"At most companies, business services functions were badly weakened by across-the-board cuts during the recent recession," said Harry Osle, Hackett’s global HR practice leader, in a statement released about the results. "Underinvestment in talent has created deficits in important skills such as business acumen, strategic thinking and analysis, change management, and process improvement capabilities. Yet companies seem to be almost completely ineffective at addressing this talent challenge, in large part because HR and business services leaders are not collaborating. This is a dangerous situation with the potential to cripple companies that don't address it quickly. While these business services functions are often considered cost-centers, they provide key services that enable companies to manage and optimize assets ranging from cash, capital and talent to technology and product/service inputs."
Recommendations for Improvement
The Hackett Group study outlined how both sides can work together to improve the situation and address growing talent management issues being driven by increased business volatility, globalization and insufficient investment in talent.
For example, while recruiting is generally an area where HR provides the strongest support to business services, it is also the least effective talent management category employed by business services. According to the study, business services must do a better job of defining and prioritizing the skills and characteristics that are truly essential for job candidates to have.
HR also can rely less heavily on external labor markets, and develop staff, as well as examine alternative approaches to recruiting, such as hiring less-experienced staff with development potential and permission-based recruiting.Candidate relationship management is also a powerful emerging strategy for handling company interactions with applicants, candidates and current employees.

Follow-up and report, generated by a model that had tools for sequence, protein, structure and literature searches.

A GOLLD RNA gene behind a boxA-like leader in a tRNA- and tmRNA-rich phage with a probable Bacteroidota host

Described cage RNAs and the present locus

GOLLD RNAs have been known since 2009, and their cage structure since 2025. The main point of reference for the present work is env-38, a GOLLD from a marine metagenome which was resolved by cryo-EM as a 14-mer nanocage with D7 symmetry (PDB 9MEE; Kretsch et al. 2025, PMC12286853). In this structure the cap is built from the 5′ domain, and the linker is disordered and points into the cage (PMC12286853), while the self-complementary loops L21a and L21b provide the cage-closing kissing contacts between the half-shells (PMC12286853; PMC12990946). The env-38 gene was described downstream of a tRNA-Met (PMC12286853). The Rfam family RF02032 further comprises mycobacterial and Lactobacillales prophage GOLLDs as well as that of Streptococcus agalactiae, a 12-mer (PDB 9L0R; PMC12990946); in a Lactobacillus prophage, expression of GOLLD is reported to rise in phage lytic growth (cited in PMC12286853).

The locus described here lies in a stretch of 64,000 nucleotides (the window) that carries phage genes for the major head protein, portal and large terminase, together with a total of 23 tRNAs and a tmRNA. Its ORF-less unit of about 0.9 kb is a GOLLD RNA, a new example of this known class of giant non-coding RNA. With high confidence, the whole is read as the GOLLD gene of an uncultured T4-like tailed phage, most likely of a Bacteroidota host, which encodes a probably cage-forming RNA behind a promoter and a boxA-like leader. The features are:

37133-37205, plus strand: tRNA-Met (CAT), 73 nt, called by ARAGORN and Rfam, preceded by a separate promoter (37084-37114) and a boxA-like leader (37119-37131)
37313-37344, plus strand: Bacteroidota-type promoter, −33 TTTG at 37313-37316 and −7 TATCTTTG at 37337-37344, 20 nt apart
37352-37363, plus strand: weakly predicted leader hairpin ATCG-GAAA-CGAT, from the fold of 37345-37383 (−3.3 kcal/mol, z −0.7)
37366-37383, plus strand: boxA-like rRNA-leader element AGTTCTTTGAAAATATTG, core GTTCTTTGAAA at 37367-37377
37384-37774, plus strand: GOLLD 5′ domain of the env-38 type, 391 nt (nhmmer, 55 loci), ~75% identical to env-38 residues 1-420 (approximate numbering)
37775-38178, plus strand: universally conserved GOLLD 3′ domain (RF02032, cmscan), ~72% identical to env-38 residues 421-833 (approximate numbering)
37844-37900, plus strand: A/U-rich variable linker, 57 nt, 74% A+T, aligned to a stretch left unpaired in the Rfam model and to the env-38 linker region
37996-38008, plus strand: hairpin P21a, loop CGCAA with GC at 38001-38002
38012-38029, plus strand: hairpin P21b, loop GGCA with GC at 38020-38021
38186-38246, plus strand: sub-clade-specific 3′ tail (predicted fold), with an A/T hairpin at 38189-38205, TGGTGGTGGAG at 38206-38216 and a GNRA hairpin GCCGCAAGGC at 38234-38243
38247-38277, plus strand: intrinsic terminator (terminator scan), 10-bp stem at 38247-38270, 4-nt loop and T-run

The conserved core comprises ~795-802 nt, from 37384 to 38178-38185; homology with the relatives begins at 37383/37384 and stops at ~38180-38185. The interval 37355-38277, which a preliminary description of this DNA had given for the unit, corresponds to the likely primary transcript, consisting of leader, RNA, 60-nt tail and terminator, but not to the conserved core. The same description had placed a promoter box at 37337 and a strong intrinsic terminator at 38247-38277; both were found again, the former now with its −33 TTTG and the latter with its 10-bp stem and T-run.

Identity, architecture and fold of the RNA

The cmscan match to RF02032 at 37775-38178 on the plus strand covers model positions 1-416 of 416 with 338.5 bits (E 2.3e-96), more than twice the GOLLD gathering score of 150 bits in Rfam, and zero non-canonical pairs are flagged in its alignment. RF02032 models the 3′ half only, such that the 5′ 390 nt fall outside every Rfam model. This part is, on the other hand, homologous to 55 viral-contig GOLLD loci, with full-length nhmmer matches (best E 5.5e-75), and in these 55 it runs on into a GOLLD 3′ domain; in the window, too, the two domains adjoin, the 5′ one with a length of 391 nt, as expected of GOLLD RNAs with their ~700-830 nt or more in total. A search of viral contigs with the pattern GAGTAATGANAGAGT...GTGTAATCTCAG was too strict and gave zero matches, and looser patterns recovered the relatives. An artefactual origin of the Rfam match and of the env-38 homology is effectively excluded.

"Today's changing business environment requires that business services organizations retool and radically change their mix of staff to improve their ability to directly impact on business performance,” said Hackett’s Chief Research Officer Michel Janssen in the same statement. “Talent management is key, and business services can't accomplish this without strong and effective support from HR. Both parties must redouble their efforts to improve their working relationship. Business services managers must take the lead in specifying their needs, and taking accountability for results for talent management. HR must provide comprehensive process and administrative support, methods and tools, training and guidance to function leaders."
The Hackett Group has completed benchmark studies with over 2,800 major corporations and government agencies, including 97 percent of the Dow Jones Industrials, and 86 percent of Fortune 100 companies.